Discrimination in Employment Act, the Fair Housing Act, and the
Genetic Information Nondiscrimination Act.

Disparate Impact or Disparate Treatment: These sector-specific anti-


discrimination laws require proof of either disparate impact or
disparate treatment, both of which are theories the FTC has advanced
successfully in its ECOA-related enforcement actions. Disparate
treatment occurs when an entity treats an applicant differently based
on a protected characteristic such as race or national origin. Among
other things, the ECOA prohibits discrimination based on whether an
applicant receives public assistance. The report cites to several
disparate treatment theory enforcement actions where the FTC
alleged that lenders excluded public assistance income in deciding
whether to extend credit to a consumer in violation of the ECOA.

The report also highlights an FTC ECOA action involving a disparate


impact analysis. A disparate impact analysis involves a facially neutral
policy that has a disproportionate adverse impact on a protected
class. The policy may violate the ECOA if it has a disparate impact
unless it furthers a legitimate business need that cannot reasonably
be achieved by means that are less disparate in their impact. In FTC
v. Golden Empire Mortgage, Inc., the FTC alleged that the mortgage
lender charged Latino mortgage loan applicants higher prices than
non-Latino white applicants and failed to appropriately monitor loan
officers and branch managers.8 In Golden Empire, there was no
legitimate business need justifying this pricing disparity.

Advertising and Anti-Discrimination Laws: Using big data for targeted


advertising may also implicate sector specific anti-discrimination laws.
Indeed, the FTC's report explored whether a credit product
advertisement targeted to a specific community would implicate equal
opportunity laws. Assuming the offer is open to all to apply and there
is no disparate treatment or unjustified disparate impact in subsequent
lending, there is likely no equal opportunity law violation. However, the
Commission cautioned that companies should review Regulation B,
the implementing regulation for ECOA, in tandem with a targeted
advertising campaign. Regulation B has certain record keeping
requirements for prescreened solicitations and prohibits creditors from
making statements to applicants that would discourage, on a
prohibited basis, a reasonable person from pursuing an application.

Similar to a FCRA analysis, whether an employment or credit practice


is unlawful will be fact and case specific. Nevertheless, it would be
prudent to review credit or employment practices that rely on big data
to ensure they do not discriminate on the basis of protected
characteristics in violation of these laws.

Considerations for Legal Compliance: The report offers the following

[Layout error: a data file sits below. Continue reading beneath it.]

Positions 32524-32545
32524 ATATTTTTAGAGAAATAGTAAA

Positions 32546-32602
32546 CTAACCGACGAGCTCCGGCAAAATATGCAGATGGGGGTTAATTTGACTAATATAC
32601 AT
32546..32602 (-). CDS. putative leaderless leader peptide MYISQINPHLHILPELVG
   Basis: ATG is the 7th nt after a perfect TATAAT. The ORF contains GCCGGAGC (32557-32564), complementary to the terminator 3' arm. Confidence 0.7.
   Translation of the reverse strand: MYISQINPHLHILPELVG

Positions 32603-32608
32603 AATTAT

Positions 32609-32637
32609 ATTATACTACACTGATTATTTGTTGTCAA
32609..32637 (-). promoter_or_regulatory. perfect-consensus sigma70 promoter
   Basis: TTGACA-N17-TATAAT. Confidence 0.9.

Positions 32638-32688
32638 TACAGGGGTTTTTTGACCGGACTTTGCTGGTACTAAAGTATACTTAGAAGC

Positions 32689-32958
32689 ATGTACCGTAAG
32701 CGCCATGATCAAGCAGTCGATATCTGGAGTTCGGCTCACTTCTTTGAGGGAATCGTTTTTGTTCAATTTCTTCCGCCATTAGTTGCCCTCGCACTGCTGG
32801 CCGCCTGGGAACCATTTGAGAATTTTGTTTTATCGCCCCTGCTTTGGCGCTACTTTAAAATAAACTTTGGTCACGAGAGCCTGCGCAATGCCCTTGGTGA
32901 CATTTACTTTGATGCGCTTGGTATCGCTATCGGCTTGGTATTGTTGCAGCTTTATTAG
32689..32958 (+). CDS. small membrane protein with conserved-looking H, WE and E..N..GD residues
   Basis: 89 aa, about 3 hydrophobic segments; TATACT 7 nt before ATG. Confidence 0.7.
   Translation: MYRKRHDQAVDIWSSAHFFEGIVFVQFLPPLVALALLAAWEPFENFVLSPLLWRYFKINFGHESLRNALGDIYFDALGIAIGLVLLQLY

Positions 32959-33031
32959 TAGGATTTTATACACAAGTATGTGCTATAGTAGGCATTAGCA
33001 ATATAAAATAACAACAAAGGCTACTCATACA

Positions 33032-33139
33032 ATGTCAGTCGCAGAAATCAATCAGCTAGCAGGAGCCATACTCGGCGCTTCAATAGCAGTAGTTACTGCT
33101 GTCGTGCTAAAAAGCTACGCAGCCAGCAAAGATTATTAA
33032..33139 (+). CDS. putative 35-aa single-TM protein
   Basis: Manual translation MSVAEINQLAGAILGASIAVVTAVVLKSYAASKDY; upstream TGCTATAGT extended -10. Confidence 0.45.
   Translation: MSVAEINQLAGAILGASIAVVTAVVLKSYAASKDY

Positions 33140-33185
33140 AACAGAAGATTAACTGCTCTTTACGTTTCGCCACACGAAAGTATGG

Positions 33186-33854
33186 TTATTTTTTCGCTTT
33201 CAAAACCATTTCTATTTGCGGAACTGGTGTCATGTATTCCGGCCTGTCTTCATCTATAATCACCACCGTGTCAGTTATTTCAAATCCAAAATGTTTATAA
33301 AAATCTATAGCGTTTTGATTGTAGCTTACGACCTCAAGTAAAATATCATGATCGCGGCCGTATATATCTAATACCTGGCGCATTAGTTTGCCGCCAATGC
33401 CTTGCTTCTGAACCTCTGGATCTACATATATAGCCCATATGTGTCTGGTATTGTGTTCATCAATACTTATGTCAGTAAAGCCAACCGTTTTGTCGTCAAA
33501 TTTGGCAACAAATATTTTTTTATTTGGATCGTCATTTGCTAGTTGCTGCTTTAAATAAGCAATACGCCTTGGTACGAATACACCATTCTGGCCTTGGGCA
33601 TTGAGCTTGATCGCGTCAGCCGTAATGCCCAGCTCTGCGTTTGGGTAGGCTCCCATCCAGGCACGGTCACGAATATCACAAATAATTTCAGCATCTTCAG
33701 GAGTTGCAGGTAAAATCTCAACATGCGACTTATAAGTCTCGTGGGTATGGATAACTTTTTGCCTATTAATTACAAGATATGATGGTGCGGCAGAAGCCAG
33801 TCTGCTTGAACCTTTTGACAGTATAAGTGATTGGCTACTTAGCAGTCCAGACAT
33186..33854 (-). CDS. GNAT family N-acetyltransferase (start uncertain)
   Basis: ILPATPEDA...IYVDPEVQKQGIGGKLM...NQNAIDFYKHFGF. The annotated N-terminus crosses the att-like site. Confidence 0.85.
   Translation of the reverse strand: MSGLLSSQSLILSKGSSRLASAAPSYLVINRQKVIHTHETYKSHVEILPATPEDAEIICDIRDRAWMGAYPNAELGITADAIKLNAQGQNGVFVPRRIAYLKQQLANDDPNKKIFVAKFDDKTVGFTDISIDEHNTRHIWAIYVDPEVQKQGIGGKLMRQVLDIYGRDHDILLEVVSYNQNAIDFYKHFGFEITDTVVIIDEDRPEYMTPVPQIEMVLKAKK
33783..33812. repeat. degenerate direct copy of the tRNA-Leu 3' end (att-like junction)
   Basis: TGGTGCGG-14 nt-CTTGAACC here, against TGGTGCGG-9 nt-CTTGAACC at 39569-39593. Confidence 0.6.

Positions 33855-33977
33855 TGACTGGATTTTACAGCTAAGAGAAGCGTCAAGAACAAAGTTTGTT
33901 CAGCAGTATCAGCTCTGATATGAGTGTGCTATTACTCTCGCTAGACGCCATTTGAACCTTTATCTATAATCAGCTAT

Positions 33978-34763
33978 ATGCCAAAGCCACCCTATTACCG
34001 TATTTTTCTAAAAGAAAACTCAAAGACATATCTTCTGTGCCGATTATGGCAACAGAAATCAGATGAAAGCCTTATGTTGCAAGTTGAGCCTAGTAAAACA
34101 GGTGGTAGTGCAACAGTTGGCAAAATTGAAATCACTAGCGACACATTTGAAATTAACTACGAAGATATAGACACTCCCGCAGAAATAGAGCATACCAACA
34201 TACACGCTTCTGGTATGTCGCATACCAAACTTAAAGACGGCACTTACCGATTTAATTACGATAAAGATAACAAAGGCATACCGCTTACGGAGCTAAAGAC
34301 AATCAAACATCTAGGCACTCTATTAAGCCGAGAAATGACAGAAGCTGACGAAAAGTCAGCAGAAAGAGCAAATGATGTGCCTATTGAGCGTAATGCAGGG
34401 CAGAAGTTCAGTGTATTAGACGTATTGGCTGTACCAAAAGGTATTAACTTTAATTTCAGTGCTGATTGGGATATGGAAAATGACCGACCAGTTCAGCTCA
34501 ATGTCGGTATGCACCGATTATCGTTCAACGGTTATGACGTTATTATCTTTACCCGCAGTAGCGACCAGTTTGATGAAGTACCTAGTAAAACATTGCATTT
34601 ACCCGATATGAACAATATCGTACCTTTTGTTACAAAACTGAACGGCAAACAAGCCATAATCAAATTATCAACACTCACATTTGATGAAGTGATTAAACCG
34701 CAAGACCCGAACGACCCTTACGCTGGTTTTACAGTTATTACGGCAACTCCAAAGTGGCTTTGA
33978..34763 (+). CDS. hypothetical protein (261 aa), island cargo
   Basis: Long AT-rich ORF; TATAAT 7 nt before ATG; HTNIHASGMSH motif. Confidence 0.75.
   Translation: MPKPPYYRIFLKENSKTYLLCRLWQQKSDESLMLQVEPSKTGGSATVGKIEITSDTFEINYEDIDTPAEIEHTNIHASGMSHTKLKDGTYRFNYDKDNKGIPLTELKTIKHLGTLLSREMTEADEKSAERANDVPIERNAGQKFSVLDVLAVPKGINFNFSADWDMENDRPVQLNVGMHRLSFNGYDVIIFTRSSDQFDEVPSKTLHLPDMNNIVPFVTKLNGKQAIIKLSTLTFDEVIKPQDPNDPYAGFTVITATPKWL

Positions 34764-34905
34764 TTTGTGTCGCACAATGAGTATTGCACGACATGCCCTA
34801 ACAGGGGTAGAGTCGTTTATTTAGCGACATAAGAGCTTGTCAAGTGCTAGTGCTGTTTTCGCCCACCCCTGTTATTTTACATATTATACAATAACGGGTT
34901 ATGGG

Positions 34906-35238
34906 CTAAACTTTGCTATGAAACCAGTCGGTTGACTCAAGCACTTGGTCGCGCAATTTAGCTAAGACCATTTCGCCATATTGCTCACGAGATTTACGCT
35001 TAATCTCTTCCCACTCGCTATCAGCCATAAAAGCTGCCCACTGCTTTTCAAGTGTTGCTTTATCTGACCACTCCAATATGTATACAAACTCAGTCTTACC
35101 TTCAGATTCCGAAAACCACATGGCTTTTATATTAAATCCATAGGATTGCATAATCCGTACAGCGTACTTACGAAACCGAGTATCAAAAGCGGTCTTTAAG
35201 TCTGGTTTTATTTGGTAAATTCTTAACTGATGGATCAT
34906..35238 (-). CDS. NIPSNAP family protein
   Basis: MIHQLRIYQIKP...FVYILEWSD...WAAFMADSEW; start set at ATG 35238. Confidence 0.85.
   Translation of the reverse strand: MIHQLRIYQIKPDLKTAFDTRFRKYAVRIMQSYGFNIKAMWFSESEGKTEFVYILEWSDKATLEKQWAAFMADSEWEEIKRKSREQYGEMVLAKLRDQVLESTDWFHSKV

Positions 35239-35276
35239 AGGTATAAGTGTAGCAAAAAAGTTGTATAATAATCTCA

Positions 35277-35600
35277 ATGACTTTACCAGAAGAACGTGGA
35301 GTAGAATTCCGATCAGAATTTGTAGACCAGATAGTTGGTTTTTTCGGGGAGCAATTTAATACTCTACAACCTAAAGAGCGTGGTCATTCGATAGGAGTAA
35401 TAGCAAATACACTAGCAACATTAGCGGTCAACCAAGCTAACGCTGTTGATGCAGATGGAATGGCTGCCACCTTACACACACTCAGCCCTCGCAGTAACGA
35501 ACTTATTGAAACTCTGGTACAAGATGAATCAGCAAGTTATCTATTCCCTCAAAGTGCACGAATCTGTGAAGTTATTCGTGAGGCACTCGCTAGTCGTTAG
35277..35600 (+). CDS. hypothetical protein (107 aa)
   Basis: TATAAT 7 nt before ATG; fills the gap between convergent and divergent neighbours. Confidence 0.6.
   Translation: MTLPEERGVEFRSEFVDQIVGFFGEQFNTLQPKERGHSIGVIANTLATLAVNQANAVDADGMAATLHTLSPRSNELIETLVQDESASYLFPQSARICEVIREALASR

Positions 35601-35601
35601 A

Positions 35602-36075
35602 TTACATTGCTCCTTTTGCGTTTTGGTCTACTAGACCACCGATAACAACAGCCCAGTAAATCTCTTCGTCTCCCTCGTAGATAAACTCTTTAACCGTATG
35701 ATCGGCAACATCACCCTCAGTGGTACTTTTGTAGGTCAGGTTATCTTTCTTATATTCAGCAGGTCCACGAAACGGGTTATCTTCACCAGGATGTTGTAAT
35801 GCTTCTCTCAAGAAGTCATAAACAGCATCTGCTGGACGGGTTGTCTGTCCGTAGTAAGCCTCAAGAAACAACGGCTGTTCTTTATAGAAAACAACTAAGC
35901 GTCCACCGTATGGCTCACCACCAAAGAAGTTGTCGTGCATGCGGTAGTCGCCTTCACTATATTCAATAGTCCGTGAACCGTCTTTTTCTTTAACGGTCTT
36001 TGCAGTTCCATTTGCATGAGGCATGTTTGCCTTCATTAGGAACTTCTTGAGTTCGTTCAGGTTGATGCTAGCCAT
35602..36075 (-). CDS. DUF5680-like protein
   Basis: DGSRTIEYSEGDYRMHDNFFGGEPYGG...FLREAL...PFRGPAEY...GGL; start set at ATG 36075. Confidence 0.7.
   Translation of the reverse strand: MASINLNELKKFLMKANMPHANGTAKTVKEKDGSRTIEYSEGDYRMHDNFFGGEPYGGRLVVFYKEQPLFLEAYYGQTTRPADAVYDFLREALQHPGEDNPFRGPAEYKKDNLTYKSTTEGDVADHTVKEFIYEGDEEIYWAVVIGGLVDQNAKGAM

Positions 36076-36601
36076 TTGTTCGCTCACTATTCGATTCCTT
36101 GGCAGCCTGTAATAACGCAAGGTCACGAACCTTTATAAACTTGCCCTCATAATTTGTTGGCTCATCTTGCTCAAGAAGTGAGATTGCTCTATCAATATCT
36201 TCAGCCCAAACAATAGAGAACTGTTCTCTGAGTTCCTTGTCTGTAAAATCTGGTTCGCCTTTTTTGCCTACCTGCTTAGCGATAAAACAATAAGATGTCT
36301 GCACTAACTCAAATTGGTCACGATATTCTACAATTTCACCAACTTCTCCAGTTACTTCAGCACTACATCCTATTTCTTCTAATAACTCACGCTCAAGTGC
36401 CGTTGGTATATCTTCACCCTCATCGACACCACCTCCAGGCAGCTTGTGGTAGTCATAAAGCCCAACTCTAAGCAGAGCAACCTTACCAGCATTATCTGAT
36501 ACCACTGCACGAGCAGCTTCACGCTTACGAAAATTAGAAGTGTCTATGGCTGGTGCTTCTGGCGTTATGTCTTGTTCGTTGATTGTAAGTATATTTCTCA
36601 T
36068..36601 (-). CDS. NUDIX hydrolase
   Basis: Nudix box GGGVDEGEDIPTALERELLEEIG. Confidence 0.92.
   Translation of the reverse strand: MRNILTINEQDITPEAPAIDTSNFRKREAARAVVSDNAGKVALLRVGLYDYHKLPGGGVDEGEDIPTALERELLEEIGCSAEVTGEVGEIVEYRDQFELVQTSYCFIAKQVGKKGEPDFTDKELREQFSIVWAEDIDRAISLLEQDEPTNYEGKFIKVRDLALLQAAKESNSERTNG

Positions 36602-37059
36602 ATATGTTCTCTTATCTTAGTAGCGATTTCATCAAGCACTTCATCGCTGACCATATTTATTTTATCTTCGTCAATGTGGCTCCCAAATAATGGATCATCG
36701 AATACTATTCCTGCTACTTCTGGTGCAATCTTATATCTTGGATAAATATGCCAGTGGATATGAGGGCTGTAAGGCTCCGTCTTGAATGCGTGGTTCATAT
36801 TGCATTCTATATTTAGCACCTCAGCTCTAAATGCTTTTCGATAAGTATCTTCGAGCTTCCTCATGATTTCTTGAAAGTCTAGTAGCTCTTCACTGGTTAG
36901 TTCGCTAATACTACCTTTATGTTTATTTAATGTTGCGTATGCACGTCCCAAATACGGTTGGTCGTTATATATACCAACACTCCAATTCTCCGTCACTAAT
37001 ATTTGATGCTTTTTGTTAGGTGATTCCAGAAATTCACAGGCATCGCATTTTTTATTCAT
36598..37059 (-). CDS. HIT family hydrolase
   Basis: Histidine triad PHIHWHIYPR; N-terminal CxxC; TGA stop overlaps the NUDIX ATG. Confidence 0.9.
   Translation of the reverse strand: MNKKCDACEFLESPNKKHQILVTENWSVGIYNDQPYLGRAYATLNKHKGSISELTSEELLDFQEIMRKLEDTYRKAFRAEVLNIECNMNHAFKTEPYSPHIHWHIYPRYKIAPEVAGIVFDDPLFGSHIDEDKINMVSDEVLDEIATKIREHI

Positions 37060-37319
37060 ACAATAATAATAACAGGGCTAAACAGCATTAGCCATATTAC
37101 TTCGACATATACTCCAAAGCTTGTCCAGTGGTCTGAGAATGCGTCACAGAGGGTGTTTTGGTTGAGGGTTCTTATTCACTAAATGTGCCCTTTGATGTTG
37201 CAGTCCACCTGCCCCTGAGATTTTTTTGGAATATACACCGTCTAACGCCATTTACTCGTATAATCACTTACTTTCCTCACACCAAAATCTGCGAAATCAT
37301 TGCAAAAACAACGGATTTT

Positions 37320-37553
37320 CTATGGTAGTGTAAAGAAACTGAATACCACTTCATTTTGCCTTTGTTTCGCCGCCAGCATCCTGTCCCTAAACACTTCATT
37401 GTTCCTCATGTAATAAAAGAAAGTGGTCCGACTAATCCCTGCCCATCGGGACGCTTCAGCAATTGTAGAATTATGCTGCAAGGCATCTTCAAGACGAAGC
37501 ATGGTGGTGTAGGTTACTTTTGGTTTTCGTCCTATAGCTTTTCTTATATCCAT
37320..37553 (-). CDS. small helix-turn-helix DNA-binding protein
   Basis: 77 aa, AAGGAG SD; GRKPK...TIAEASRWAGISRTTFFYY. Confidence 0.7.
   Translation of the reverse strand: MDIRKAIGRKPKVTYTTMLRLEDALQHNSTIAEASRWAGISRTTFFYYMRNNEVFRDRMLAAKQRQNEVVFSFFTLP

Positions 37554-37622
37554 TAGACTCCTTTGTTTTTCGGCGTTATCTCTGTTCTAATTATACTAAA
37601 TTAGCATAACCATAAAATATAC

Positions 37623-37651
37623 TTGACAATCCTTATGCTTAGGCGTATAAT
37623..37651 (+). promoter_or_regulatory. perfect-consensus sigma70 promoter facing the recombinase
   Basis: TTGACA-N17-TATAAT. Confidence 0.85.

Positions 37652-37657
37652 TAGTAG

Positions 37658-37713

considerations for entities using big data relative to compliance with
equal credit and equal opportunity laws:

 Creditors using big data analytics in a credit transaction should review the adverse action
requirements under ECOA and requirements related to requests for information and record
retention.
 Big data analytics decision-makers that approve credit, housing, or employment
applications should consider whether they are treating people differently based on a
prohibited basis, such as race or national origin.
 They should likewise consider whether their policies, practices, or decisions have an
adverse effect or impact on a member of a protected class, and if they do, whether that impact
is justified by a legitimate business need that cannot reasonably be achieved by means that
are less disparate in their impact.
Section 5 of the FTC Act: Companies should also consider whether, in
using big data analytics, they are violating any material promises to
consumers or making omissions of material facts that are likely to
mislead consumers. Such acts or practices may violate Section 5 of
the FTC Act, which prohibits unfair or deceptive acts or practices. The
Commission's report offers several examples of enforcement actions
where it initiated actions against companies for violating material
promises to consumers under its deception authority. For example,
the FTC brought an action against CompuCredit for failing to disclose
that the company used a behavioral scoring model to reduce credit
lines when consumers used their cards for cash advances or certain
types of transactions when the company touted the capacity for
consumers to use cards for those purposes.

The report also points to the applicability of FTC's unfairness authority


to the misuse of big data. The elements of an unfairness claim under
the FTC Act are (i) a substantial injury, (ii) that is not reasonably
avoidable by consumers, and (iii) that is not outweighed by the
benefits to consumers or to competition. Cited examples of unfair
practices in the big data context include (1) the failure to reasonably
secure consumers' data and (2) the sale of data to entities that a
company has reason to know will use the data for fraudulent
purposes. For instance, in 2006, ChoicePoint, a consumer data
broker, settled FTC charges that the company compromised the
financial records of more than 163,000 consumers when it furnished
those records to identity thieves posing as legitimate subscribers and
failed to maintain reasonable procedures to screen prospective
subscribers.

Considerations for Legal Compliance: The report offers the following


considerations for legal compliance relative to the FTC Act: